Members of the Northampton Police Department (NPD) recognize that undocumented citizens may be concerned about interacting with members of our agency because of fear of deportation. The enforcement of federal immigration laws is the duty of the United States Bureau of Immigration and Customs Enforcement (ICE). The Northampton Police Department does not have the authority to enforce federal immigration laws. Northampton Police Officers do not ask about the immigration status of crime victims, witnesses, or others who request our assistance. We do not use the threat of deportation as leverage with victims, witnesses or suspects.

In 2011 our Chief of Police worked with advocates to develop “A Resolution of the Northampton City Council on the Secure Communities Program.” The resolution passed the City Council vote unanimously. That measure directed City employees, including police, to exercise legal discretion and to refrain from participating in the federal Secure Communities Program that asks law enforcement agencies to identify and report immigrants to ICE.

In 2014 Mayor David Narkewicz further affirmed this practice by signing an executive policy order prohibiting City police from turning immigrants over to ICE, unless they were involved in criminal activity. It states:

"It shall be the continuing policy of the City of Northampton to assure equal, just, and fair treatment of all persons who live in and visit the city and, in furtherance of that policy, the Chief of Police shall develop formal departmental policies and procedures implementing the following:

1. Directing Northampton Police Department personnel to not honor or enforce any detainer request from U.S. Immigration and Customs Enforcement (ICE) that is non-criminal and not subject to a judicially issued warrant.

2. Directing Northampton Police Department personnel to allow motor vehicle operators stopped for a violation and found to be unlicensed a reasonable opportunity to arrange for a properly licensed operator to drive the vehicle, regardless of immigration status. Nothing in such policy shall apply to violations that are subject to a statutory or regulatory requirement of vehicle impoundment.

3. Continuing and enhancing existing programs and procedures of the Northampton Police Department to allow access by immigrants to police services in their native languages.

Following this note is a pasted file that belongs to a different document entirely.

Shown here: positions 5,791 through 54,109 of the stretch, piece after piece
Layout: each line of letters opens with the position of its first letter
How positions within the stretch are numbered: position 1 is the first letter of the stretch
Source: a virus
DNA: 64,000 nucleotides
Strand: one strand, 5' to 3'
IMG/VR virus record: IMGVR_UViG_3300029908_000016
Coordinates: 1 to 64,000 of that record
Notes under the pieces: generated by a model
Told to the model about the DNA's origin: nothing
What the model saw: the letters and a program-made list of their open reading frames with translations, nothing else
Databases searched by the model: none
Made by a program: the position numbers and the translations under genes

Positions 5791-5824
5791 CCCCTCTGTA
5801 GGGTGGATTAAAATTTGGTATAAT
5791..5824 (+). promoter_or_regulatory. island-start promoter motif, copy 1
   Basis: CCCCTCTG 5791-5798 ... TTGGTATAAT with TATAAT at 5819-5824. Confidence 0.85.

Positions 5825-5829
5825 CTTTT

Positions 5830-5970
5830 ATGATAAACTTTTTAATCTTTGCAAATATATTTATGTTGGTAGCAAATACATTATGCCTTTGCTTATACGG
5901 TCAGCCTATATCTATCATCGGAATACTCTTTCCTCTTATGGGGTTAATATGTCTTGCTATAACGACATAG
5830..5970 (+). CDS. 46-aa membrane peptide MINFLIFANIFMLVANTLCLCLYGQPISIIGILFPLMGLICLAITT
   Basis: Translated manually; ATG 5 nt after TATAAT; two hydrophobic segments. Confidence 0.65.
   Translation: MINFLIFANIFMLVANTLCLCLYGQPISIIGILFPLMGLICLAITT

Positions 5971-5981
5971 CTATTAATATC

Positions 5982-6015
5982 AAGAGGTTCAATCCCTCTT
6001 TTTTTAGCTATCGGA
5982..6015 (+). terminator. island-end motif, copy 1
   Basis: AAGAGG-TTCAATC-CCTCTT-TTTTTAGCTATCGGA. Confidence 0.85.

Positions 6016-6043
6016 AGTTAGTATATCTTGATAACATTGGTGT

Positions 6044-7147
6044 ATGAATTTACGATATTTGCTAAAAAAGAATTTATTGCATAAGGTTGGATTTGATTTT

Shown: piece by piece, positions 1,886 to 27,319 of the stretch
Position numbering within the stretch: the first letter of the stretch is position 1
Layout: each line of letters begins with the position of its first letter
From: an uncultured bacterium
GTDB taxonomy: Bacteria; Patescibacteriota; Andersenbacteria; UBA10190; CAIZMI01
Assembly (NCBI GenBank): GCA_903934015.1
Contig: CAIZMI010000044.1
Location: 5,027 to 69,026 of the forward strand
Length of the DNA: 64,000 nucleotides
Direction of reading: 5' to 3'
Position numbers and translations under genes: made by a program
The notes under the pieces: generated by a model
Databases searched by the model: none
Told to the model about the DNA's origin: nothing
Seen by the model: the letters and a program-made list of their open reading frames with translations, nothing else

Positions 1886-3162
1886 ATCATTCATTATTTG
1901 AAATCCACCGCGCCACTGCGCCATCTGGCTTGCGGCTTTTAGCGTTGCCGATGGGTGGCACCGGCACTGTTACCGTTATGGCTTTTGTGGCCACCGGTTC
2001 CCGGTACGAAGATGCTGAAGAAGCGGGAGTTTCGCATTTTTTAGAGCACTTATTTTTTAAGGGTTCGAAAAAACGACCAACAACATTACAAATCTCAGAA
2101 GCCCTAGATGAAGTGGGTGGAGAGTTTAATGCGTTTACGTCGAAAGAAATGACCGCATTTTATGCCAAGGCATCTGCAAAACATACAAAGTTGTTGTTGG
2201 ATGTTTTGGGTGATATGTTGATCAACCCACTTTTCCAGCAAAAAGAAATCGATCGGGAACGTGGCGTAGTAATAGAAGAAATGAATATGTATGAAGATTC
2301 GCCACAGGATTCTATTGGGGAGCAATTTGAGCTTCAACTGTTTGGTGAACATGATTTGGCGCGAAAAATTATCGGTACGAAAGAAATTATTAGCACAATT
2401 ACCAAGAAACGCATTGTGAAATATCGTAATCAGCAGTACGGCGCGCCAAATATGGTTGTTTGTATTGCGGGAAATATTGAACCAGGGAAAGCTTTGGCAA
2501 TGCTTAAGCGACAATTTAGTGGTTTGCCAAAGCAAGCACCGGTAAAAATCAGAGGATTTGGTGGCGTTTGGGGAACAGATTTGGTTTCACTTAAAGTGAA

4. Providing for record keeping with regard to the policies set forth herein which can be made available to the Mayor upon request."

Our arrest policy regarding immigration detainers is as follows: “A non-criminal immigration detainer (Form I-247 Request) is not an arrest warrant, nor does it provide probable cause for an arrest. The Northampton Police Department does not honor or enforce detainer requests from ICE that are non-criminal in nature.”

Assistance with Acquiring a U or T Visa

Members of the immigrant community may feel apprehensive about reporting crimes that they were the victims of or that they witnessed for fear of deportation. This is especially concerning when people have been the victims of domestic violence, sexual assault, or other serious felonies. In order to best support victims of crime and to encourage police reporting, our department participates in the U or T visa program. This federally developed program was introduced in 2000 and allows immigrants to apply for a temporary visa that allows them to legally remain in the country. Four members of NPD are designated as certifiers as part of this program. When appropriate, they can assist immigrant victims of crime in the application process. The U or T visa certification must affirm the immigrant victim’s past, present, or future helpfulness in the detection, investigation, or prosecution of certain qualifying criminal activity. The Chief of Police of the Northampton Police Department, and her designees, may, under very strict U or T visa guidelines and after consultation with the District Attorney’s Office, certify as part of a U visa application an immigrant victim’s cooperation with the Northampton Police Department. Law enforcement officials who sign certifications do not confer any immigration status upon the victim. Instead, they enable the victim to meet one of the eligibility requirements in the application to U.S. Citizenship and Immigration Services of the Department of Homeland Security (DHS). Only DHS has the discretion to grant or deny these temporary visas. For more information on U or T visa certification, go to the United States Citizenship and Immigration Services U-Visa link.